I'm building an open source, commercially available eurorack module which is based on an STM32 chip.

The problem I'm facing is that when the module boots up sometimes it is working as it should, but most of the times, it seems to be working at a lower rate and it has unpredictable output.

I checked all the voltages from the regulators and I checked the soldering of all the parts and everything was right. After checking the 8 MHz crystal I found that one end oscillates as it should but the other does not. When the module works as intended, it oscillates nicely, but after a while it goes berserk along with the module outputs.

Now, I double checked the values of the capacitors (20 pF) and the value of the resistors going to the STM pins (100 Ω). I replaced both the STM and the crystal with new ones. I reflowed the crystal and the STM with hot air, but the behaviour stays the same.

What strikes me as quite peculiar is the fact that sometimes the module works, but after some seconds, or even minutes (after a reflow for example) the crystal stops oscillating as it should. Can anyone tell me what can cause such behaviour?

The schematics are here: pdf link

The crystal part

Schematic of crystal oscillator section: enter image description here

  • 4
    \$\begingroup\$ 100R for R8 and R9 seems a bit excessive. The datasheet does not suggest two resistors for Rext. Make R8 and R9 0R and see if the situation improves. It is also advisable to surround the oscillator circuit with a 0V ring and ensure you have a ground plane below. Your placement of bypass caps looks suspect as well. \$\endgroup\$
    – Kartman
    Apr 3, 2021 at 0:28
  • \$\begingroup\$ Exactly which crystal are you using? Datasheet link? \$\endgroup\$
    – brhans
    Apr 3, 2021 at 2:02
  • 4
    \$\begingroup\$ Did you read AN2867? Also, unless you have a low-capacitance FET probe, your scope could have enough capacitance to kill the oscillations, don't rely to much on the scope measurements. \$\endgroup\$
    – Mattman944
    Apr 3, 2021 at 2:03
  • 1
    \$\begingroup\$ @Terumi that datasheet is for a wide range of crystals that are available or can be manufactured on request wih any parameters you want. Now, which exact crystal mode did you order to find out which parameters it has? Also we need to see more schematic an code to asses where the problem is, the crystal dropping out is only a symptom. \$\endgroup\$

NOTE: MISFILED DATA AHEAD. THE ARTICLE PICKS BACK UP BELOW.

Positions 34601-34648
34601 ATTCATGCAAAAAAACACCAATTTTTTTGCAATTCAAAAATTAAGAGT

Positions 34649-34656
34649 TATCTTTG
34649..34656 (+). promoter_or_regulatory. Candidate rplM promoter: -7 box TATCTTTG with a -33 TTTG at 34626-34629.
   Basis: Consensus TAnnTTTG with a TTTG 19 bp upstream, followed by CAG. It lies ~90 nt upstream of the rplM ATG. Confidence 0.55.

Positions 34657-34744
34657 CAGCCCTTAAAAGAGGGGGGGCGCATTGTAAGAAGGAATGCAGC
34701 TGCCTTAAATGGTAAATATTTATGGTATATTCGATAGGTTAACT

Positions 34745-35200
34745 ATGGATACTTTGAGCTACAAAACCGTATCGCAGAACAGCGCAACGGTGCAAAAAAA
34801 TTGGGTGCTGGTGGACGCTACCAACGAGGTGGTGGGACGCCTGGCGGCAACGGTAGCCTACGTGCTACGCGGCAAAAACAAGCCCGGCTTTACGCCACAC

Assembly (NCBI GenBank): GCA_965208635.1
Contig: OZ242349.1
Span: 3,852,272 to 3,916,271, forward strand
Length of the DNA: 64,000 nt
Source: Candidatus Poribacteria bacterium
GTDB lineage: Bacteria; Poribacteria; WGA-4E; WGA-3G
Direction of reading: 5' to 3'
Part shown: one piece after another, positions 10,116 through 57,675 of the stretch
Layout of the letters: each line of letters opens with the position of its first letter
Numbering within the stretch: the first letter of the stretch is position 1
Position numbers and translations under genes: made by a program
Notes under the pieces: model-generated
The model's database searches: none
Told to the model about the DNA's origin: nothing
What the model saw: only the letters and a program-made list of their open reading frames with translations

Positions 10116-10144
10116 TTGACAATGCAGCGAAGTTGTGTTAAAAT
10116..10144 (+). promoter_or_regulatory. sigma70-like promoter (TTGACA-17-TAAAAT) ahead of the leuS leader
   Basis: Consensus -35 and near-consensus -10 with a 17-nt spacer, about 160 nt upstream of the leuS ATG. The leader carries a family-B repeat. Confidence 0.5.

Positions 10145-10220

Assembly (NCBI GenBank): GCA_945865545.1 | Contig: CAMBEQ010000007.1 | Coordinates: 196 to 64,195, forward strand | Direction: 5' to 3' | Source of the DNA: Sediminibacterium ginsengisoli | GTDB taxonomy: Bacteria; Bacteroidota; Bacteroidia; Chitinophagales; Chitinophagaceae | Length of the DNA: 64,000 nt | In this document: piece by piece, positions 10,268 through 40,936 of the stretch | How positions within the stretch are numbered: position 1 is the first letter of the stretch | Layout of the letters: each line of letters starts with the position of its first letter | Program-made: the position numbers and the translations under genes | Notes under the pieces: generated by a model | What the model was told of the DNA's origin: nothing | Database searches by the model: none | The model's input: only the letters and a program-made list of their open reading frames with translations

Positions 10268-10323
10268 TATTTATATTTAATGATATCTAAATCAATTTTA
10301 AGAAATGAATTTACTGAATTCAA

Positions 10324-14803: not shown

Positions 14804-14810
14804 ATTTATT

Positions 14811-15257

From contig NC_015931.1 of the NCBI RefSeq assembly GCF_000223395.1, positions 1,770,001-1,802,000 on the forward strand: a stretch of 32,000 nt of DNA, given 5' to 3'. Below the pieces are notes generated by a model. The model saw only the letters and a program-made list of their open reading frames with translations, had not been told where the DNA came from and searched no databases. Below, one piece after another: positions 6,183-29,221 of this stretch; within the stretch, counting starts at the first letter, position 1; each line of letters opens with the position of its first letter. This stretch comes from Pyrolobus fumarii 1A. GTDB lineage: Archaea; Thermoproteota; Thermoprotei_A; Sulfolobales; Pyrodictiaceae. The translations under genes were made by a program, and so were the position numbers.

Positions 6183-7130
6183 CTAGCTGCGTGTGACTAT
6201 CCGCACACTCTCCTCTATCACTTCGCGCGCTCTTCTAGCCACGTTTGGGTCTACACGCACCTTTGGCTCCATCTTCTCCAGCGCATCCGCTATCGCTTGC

– Justme
    Apr 3, 2021 at 8:58
  • 2
    \$\begingroup\$ The crystal should work fine. Just use 0R insted of 100R to see if it fixes it. But after spending few minutes, can't locate a place in the code where the crystal is enabled into use and what is the resulting MCU clock. But there are other issues in the hardware that are dangerous. Like using two separate regulators for MCU power. And the reset pin has a pull-up against all MCU datasheets and appnotes. \$\endgroup\$
    – Justme
    Apr 3, 2021 at 9:31

2 Answers 2


The problem was on the capacitors of the crystal. I first replaced the resistors going to the mcu with jumpers but the problem persisted. Then I changed them with smaller (33Ohm) ones as suggested. Then I replaced the capacitors with 18pF ones and the problem was there but significantly reduced. Then I reflowed the capacitors and ended up using more solder than I usualy use (made small blobs at each capacitor end) and the problem disappeared. I suspected that something wrong was happening with the capacitors because I was able to measure capacitance with my multimeter on the first, but not one the second one. I hope that everything will be ok now.

Thank you all for your suggestions. :)


As Cartman mentioned in his comment, your resistor values are likely too high for your crystal. You'll also note from the reference circuit that the RExt is only applied to the OSCOUT pin (it is used purely to reduce the drive strength of the oscillator amplifier internal to the microcontroller to ensure that you do not exceed the rated Drive Level for the crystal).

A consequence of having RExt too high (or of otherwise dampening the feedback signal too much) is an inability of the circuit to oscillate. Depending on the particular crystal and cut in use, it might otherwise result in the wrong frequency mode of the crystal being selected.


simulate this circuit – Schematic created using CircuitLab

From AN2867 “Oscillator design guide for ST microcontrollers” https://www.st.com/resource/en/application_note/cd00221665-oscillator-design-guide-for-stm8afals-stm32-mcus-and-mpus-stmicroelectronics.pdf

You'd be better to look at the drive level from the microcontroller, compare this to the drive level allowed from the crystal, and only if they are not directly compatible, then applying RExt to reduce the drive level. AN2867 recommends a first pass estimate being to set RExt = 1 / (2Pif*CL2), which would have given RExt ~ 1kOhm. Then you need to run the numbers on the gain margin with this additional resistance..

Sometimes you may even find that the ESR of the crystal is too great, and it can't be used for a particular microcontroller/oscillator circuit (often the case with low power 32.768kHz RTC crystals with very high >90kOhm ESR).


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